Political literature often illustrates the concept of "The art of the possible"  as a pragmatic approach, one that is removed from idealistic thinking. Yet, if this principle is aligned with the constitutional rights upheld by major nations, it serves a fundamental purpose: the advancement of constitutional justice.
The "art of the possible" involves setting realistic goals and executing them in real-world scenarios. This was exemplified by lawyer Anwar al-Bunni,  who adhered to the constitutional rights recognized by several European countries. His dedication empowered him and his team of volunteer lawyers to prosecute Syrian war criminals in European courts, successfully leading to the conviction of several Syrian security personnel who had relentlessly tortured detainees in Syrian prisons.
This significant accomplishment earned him a place among the one hundred most influential personalities of 2023, as ranked by Time magazine. This recognition inspired Syrian-American activists to honor him with a celebration in New York City on April 26, 2023. The celebration in New York City was a well-attended event. Held at the residence of businessman Asaad Jabara, prominent figures took the opportunity to honor Al-Bunni's achievements. Dr. Hicham Alnachawati,  Director of "The Syria Freedom Path" organization, presented Al-Bunni with a symbolic gift. Moreover, Issam Khoury, CEO of The Center for Environmental and Social Development, presented another honorary gift on behalf of the Syrian-American Consultative Meeting, further acknowledging his significant contributions.
The honorary gathering was graced by academics from Columbia, Princeton, and the City University of New York specializing in journalism and postgraduate studies. Legal experts, economists, public relations strategists, media professionals, high-ranking US government officials, and the CEO of the Czech-Slovak Institute of Oriental Studies  were also present.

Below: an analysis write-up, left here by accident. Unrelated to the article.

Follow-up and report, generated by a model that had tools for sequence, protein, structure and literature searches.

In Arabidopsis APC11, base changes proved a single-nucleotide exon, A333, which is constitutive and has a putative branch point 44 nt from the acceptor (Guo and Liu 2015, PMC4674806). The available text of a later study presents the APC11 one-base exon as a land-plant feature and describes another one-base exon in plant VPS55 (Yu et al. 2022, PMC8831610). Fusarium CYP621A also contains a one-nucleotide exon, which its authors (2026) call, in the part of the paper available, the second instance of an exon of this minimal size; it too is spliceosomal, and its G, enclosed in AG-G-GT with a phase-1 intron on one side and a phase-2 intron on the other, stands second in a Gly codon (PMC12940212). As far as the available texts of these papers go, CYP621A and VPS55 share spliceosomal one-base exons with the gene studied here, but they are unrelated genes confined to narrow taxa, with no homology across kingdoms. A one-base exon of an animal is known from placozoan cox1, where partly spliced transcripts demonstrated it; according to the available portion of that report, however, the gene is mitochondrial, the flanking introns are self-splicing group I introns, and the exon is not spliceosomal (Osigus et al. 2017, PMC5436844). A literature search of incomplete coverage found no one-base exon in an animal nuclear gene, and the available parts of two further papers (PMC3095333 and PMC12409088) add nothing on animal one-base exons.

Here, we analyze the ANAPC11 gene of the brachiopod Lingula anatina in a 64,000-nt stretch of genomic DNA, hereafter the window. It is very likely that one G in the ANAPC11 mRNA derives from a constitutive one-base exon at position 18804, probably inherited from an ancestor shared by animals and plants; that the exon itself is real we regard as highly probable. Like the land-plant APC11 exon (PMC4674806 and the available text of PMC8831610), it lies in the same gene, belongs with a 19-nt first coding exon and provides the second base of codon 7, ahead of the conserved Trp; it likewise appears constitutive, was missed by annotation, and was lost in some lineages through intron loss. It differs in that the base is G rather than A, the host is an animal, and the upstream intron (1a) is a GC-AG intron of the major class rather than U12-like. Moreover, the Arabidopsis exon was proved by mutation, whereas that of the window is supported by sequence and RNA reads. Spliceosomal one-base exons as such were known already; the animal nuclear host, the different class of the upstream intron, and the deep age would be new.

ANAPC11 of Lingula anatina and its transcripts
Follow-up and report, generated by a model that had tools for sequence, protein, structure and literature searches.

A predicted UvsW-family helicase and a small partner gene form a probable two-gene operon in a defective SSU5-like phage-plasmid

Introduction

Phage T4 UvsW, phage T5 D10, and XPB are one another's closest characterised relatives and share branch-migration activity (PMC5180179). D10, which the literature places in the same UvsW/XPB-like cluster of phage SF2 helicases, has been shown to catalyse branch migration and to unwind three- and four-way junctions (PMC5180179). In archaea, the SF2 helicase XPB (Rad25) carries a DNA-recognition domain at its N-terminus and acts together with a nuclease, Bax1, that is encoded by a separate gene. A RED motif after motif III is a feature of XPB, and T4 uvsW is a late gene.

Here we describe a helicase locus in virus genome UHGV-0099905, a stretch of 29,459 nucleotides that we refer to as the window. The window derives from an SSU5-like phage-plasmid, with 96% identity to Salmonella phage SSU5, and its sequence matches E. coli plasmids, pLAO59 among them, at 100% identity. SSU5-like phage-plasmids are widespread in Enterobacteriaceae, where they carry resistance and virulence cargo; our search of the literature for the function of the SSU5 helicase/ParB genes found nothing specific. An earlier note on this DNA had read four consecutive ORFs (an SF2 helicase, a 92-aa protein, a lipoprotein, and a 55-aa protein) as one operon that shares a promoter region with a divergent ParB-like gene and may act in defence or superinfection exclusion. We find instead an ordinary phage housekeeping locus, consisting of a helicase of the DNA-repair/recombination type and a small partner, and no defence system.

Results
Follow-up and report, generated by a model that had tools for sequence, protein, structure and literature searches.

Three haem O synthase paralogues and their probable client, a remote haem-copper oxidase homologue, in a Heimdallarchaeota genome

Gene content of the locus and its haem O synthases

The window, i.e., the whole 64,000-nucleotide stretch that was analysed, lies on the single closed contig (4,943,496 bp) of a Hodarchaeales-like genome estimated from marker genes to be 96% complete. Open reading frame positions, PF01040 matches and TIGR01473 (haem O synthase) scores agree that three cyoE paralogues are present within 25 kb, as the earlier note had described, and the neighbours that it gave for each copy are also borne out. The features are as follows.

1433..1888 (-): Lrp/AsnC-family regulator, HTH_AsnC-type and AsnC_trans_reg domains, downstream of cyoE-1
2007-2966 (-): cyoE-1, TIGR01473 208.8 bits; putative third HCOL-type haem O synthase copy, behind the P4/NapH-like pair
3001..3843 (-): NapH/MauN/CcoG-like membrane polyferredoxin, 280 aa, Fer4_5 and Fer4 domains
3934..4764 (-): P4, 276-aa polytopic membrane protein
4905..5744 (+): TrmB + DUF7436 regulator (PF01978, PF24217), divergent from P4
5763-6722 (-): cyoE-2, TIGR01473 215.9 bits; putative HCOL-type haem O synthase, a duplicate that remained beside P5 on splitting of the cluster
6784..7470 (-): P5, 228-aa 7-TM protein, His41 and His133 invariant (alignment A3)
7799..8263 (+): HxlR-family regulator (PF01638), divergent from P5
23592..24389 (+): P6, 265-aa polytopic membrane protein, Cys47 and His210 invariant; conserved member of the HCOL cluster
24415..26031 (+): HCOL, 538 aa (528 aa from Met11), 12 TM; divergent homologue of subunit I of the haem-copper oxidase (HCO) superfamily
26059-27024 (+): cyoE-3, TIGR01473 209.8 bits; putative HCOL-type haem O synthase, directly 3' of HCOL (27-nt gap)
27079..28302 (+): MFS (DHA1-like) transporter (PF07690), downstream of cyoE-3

Syrians, Europeans, Palestinians, Egyptians, and Americans from other states attended the ceremony virtually via the Zoom App. The media and political dialogue were moderated by Ayman Abdel Nour,  fostering a sense of societal solidarity. The event made clear that a significant portion of the populace and intellectual leaders stand by the principle of holding criminals accountable, especially those involved in dictatorial regimes like the Syrian government, which employed Nazi torture methods to suppress its people's demand for freedom and justice.
This event contrasted sharply with the efforts of some governments to normalize relations with the Syrian regime. These governments, relying on the theory of "the art of the possible," view the Assad government as a negotiable entity in the civil war. However, they have largely disregarded the extent of the atrocities committed by this regime against its people and humanity at large.
Therefore, this honorary meeting emerged as a robust message from human rights advocates worldwide, underscoring the need for societal solidarity to uphold human rights and prevent dictatorships from infiltrating political life under the guise of "the art of the possible." The meeting concluded with the signing of copies of the book "Assad and Me." The book serves as an authentic testament to the crimes committed against civilians in Syrian secret prisons, providing detailed insights into the social, political, and economic life in Syria before and beyond the 2011 revolution.